US Adds Nigeria to Top of Religious Persecution List, Removes Sudan and Uzbekistan

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The State Department has revised its Countries of Particular Concern on religious freedom.

Only one country was added this year to the US government’s official list of the world’s worst persecutors of religion: Nigeria.

The West African nation – Africa’s most populous and divided roughly evenly between Christians and Muslims – has been plagued for years by rising sectarian tensions and the Islamist terror group Boko Haram, which most recently was blamed for a massacre of scores of farmers in Borno State.

Nigeria joins Burma, China, Eritrea, Iran, North Korea, Pakistan, Saudi Arabia, Tajikistan, and Turkmenistan on the US Department of State’s Countries of Particular Concern (CPC) list, which names and shames governments which have “engaged in or tolerated ‘systematic, ongoing, [and] egregious violations of religious freedom.’” Those nine nations were also on the 2018 and 2019 CPC lists.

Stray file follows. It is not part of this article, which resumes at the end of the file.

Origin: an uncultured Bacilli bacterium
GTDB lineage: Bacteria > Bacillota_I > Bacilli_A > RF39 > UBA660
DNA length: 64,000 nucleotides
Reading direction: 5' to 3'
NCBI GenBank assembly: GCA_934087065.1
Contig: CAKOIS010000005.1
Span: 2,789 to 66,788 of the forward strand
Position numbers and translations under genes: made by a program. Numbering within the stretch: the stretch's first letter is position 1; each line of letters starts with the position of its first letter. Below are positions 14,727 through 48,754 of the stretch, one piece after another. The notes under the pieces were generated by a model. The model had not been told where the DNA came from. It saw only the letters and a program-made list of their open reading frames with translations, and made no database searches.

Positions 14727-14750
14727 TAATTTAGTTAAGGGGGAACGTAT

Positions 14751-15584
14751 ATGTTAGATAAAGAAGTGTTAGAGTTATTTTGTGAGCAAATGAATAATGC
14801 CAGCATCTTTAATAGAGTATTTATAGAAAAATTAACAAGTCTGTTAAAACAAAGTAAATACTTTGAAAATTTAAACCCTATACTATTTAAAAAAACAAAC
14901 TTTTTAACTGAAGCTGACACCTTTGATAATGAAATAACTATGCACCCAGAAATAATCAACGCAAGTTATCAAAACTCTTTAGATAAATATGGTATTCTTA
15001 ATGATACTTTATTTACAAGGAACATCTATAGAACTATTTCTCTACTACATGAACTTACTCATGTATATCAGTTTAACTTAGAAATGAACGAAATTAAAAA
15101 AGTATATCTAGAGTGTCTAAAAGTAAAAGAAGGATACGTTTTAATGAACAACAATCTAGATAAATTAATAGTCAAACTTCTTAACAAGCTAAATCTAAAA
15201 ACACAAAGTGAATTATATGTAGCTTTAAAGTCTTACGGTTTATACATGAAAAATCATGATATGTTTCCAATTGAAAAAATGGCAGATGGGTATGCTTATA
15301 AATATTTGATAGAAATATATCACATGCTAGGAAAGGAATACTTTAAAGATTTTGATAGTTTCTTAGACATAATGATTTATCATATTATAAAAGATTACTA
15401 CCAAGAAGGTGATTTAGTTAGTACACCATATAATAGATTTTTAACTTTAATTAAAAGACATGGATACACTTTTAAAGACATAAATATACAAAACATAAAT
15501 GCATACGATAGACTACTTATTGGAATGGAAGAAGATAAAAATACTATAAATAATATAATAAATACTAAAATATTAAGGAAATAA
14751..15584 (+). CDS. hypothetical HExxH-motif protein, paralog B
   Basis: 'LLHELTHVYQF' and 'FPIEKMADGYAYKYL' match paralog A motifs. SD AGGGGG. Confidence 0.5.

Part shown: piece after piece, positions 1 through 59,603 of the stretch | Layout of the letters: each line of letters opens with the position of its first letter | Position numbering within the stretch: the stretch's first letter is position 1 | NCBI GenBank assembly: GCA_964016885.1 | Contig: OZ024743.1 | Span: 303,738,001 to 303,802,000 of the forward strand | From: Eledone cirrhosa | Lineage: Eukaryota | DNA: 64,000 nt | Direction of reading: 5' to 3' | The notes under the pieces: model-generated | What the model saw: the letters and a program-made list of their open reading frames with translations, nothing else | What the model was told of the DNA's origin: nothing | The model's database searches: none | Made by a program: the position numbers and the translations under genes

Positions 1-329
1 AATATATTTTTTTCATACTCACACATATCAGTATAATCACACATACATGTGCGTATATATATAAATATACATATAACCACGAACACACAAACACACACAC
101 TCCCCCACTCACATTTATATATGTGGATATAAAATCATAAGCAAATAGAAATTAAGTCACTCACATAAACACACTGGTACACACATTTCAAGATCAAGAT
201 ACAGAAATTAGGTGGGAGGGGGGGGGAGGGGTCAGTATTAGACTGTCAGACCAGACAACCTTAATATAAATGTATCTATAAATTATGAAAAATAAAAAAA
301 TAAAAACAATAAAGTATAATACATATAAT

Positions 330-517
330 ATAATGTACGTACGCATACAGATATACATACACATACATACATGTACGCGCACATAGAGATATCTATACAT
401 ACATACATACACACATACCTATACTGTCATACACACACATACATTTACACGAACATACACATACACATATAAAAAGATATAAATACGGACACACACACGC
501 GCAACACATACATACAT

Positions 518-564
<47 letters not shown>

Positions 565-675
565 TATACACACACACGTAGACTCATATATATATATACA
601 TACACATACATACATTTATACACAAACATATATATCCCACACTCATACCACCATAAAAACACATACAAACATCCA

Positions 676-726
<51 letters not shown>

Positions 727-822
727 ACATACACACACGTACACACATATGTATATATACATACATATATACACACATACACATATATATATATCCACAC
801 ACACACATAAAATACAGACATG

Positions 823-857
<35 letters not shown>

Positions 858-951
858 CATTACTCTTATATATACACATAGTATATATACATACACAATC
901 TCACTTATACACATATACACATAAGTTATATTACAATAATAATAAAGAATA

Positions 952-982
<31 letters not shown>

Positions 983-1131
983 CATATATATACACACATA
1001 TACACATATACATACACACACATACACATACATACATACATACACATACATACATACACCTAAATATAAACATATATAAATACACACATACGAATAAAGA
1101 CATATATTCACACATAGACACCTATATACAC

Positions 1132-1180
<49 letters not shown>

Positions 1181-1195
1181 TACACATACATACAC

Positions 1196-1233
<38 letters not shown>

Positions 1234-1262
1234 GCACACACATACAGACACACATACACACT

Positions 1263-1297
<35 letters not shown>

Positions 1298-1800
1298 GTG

“Today, the United States, a nation founded by those fleeing religious persecution … once again took action to defend those who simply want to exercise this essential freedom,” stated Secretary of State Mike Pompeo.

“… And yet our work is far from complete.”

Last year, Nigeria was added to the State Department’s Special Watch List (SWL), a secondary tier below the CPC list for governments that have “engaged in or tolerated ‘severe violations of religious freedom.’”

The 2020 watch list includes Comoros, Cuba, Nicaragua, and Russia, as it did in 2019. Cuba and Nicaragua were added to the list that year, while Russia was added in 2018.

The elevating of Nigeria to the highest level of concern was praised by Nigerian evangelical leaders.

“A lack of religious freedom anywhere in the world …

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